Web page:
In his 1980 book The Third Wave, the futurist Alvin Toffler predicted the rise of the “electronic cottage”. The idea was that technology would become so ubiquitous that working from home would replace the 9-5 slog in a cubicle, in the process helping to “glue the family together again”. As Iain Gately, the author of Rush Hour: How 500 Million Commuters Survive the Daily Journey to Work, put it: “The power to work anywhere and everywhere — have laptop, will travel — or stay at home according to one’s mood, seized the imaginations of Generation X: every day could be a No Pants Day.”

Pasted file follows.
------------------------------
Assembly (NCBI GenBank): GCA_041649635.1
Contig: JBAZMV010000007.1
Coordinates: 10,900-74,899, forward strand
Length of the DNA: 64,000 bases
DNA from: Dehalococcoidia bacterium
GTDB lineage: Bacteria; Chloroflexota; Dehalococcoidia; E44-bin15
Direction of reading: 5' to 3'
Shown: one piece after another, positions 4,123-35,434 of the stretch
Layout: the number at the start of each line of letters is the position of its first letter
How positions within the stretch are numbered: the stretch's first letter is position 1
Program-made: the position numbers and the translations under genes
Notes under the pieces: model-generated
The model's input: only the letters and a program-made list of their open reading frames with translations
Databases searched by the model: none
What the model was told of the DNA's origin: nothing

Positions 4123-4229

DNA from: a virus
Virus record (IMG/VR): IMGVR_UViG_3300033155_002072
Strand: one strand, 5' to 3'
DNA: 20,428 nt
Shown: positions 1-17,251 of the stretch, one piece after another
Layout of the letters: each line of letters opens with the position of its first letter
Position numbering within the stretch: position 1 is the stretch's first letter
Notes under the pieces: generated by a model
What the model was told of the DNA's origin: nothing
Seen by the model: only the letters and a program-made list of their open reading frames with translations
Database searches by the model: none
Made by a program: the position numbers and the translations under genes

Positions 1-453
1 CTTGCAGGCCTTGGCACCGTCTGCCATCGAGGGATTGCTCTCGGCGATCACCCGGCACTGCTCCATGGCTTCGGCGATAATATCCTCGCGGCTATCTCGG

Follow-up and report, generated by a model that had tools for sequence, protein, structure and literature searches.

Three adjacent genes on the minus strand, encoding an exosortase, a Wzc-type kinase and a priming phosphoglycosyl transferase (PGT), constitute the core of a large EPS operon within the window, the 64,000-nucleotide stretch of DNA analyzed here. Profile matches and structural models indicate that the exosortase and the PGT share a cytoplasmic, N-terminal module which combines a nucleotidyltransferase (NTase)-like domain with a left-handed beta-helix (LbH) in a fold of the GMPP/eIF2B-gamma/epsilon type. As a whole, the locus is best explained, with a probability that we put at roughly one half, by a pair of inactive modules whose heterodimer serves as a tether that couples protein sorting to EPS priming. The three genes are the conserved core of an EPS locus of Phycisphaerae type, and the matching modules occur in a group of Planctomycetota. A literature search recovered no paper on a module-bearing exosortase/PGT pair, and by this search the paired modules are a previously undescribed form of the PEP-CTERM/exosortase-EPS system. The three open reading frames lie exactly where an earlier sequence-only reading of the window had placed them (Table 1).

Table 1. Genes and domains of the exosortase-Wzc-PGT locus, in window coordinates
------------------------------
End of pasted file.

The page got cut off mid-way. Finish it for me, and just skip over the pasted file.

Yet that future has not arrived. Smartphones and laptops may be everywhere, but they have not given many white-collar employees the opportunity to work full-time in pyjamas from log cabins.
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